by: Brian Michael Barbeito
A series of affecting vignettes, inspired by the delicate, abstruse, and altogether wondrous realm of nature…
The Liminal Liquid
Thick mud, and the birds calling out where the tops of the trees meet the overcast sky. The farmer has not been seen in a long while, and there are branches that have fallen and blocked certain pathways. They will have to be cleared, but such work is for the light of day, and in the dryness and clarity where tasks like these can be tackled. For now, there is an amount of chaos. No snakes. Some flies. A bird that has flown overhead. A squirrel rustling amongst the trees in the distance. The Chaga hiding, in a secret place only I know where. Far away it waits on trees, past the fields, past the purlieu that houses the fields. It’s by a stream, a stream practically unknown. That area is like a fairy tale from the Brothers Grimm, mystery, story, poem, painting, spirit, devil, angel, witch, shade, dark, branch, dream, quiet, still, fright, sounds in the distance, away, away, away from the path, from the world. If there is a secret passage, an entrance to the astral plane, a hermit undiscovered, a spiritual vortex positive, negative, if there is anything otherworldly, it is in that place for certain, if anywhere. I shall have to go back there. I shall go so quietly. But, for now, the thick mud and the birds calling out and the bits of rain in thousands of pieces that wait and rest on leaves, flowers, branches, blades of grass are there waiting. Water that is here comes from heaven, like manna, but has not yet reached the earth completely. It’s the liminal liquid, below the cloud cover yet above the dirt.
There and There and There
There the soft sky and the white flowers, and there the dried earth below. There the marsh, and somewhere in time the yellow buttercups will hide and bloom in secreted parts of places. There the going of the flies, the moths, the lazy purple butterflies, little and without a care. There the stream at the bottom of the hidden valley floor where a bumble bee hovers and disappears inside a pulled-up root system. There shards of sunlight filter down to meet the dark and dusty air that flakes of earth swirl around in forever. Remember the winters there? Icy, cold, sullen and a bit frightening, and those dark overcast afternoons spent alone? Now, the world there is aglow, practically aflame with ants and hornets and spiders and blossoming mushrooms and flowers and life in general. We forget about the snowy area then, sliding, wiping off ice, taking careful steps in boots affixed with extra catch-footing clips on the bottoms for safety. Now, the winter has gone. Now, there is a place where the sun shower glides itself down for a few moments on branches and leaves. Nothing is crestfallen or craven, callous or casted out. All and everything is sacrosanct, sunny, sublime, and just so.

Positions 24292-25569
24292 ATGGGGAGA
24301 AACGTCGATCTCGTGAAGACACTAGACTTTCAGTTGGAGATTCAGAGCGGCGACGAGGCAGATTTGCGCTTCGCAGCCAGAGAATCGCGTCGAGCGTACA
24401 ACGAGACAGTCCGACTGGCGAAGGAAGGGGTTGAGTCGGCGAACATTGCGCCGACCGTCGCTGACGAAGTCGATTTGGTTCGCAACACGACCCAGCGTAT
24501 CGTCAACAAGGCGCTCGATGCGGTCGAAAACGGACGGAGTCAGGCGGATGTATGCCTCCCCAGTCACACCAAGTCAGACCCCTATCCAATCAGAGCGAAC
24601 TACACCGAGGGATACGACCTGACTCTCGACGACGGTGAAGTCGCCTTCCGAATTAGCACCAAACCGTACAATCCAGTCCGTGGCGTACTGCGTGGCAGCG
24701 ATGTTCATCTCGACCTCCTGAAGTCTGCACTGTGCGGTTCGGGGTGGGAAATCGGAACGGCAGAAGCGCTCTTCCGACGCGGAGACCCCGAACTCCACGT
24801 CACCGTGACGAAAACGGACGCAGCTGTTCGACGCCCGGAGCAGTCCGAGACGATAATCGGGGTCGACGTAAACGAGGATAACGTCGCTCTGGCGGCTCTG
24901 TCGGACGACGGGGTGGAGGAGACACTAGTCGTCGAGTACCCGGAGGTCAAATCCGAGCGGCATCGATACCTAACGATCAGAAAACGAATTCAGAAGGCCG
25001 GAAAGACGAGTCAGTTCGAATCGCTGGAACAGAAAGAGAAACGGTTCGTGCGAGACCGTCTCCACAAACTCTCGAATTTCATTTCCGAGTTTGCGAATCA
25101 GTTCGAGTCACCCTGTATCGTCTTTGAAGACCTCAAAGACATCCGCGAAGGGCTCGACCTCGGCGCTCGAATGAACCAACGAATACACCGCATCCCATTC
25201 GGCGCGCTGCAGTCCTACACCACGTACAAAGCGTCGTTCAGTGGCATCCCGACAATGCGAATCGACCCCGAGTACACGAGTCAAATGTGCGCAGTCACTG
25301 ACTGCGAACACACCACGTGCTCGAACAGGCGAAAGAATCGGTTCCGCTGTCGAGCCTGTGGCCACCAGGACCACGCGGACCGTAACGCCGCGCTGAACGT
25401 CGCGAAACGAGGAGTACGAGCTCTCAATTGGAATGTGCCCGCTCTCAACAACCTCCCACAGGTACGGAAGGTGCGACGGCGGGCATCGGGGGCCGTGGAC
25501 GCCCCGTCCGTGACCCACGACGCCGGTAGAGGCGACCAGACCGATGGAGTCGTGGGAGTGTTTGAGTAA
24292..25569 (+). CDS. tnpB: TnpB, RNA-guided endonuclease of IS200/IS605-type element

The small deer was crossing the open patch of asphalt . Mother, watching, having gone just ahead, was cautious. The love of the mother for its offspring, the doe, was incredibly obvious, almost palpable. This love filled the air, and the blood and bones of all around. The poor soul, the young one, seemed so awkward, as if all legs. Finally, the doe crosses to the other side, yet has trouble navigating the dense bushes and soft earth strewn with logs, rock and all manner of feral plants. What’s more, the small one is wondering why I am there, and is looking back at me with a curious innocence. The mother does something with her vocal chords, and it is to tell the young one to hurry. Way out beyond, the traffic rushes by. The world is fast. The mother was once young, just like her offspring, and possibly crossed a place like that. Cycles of time. Kismet, karma, and a certain cadence. The sun has for a moment come out from its hiding place, but won’t stay for long. It is as if it came out to see the deer. Light makes its way down through the branches. A pragmatist, a naysayer, would say the branches are too thick for the light and too thick for the deer. I watch. There is light falling across the young deer’s back and its head. I watch. It stumbles, several times, trying to find the right footing. I watch as it makes its way. Soon the deer disappear into the thicket and sink further into the darkened forest. I, both objectively and willfully, unashamedly sentimentally, and secretly hope and wish to myself that the deer makes it. I hope the doe makes it to motherhood one day, and that I can return to watch such a scene unfold again. For now though, we better buckle down and just make it through the day. One proverbial forest step at a time.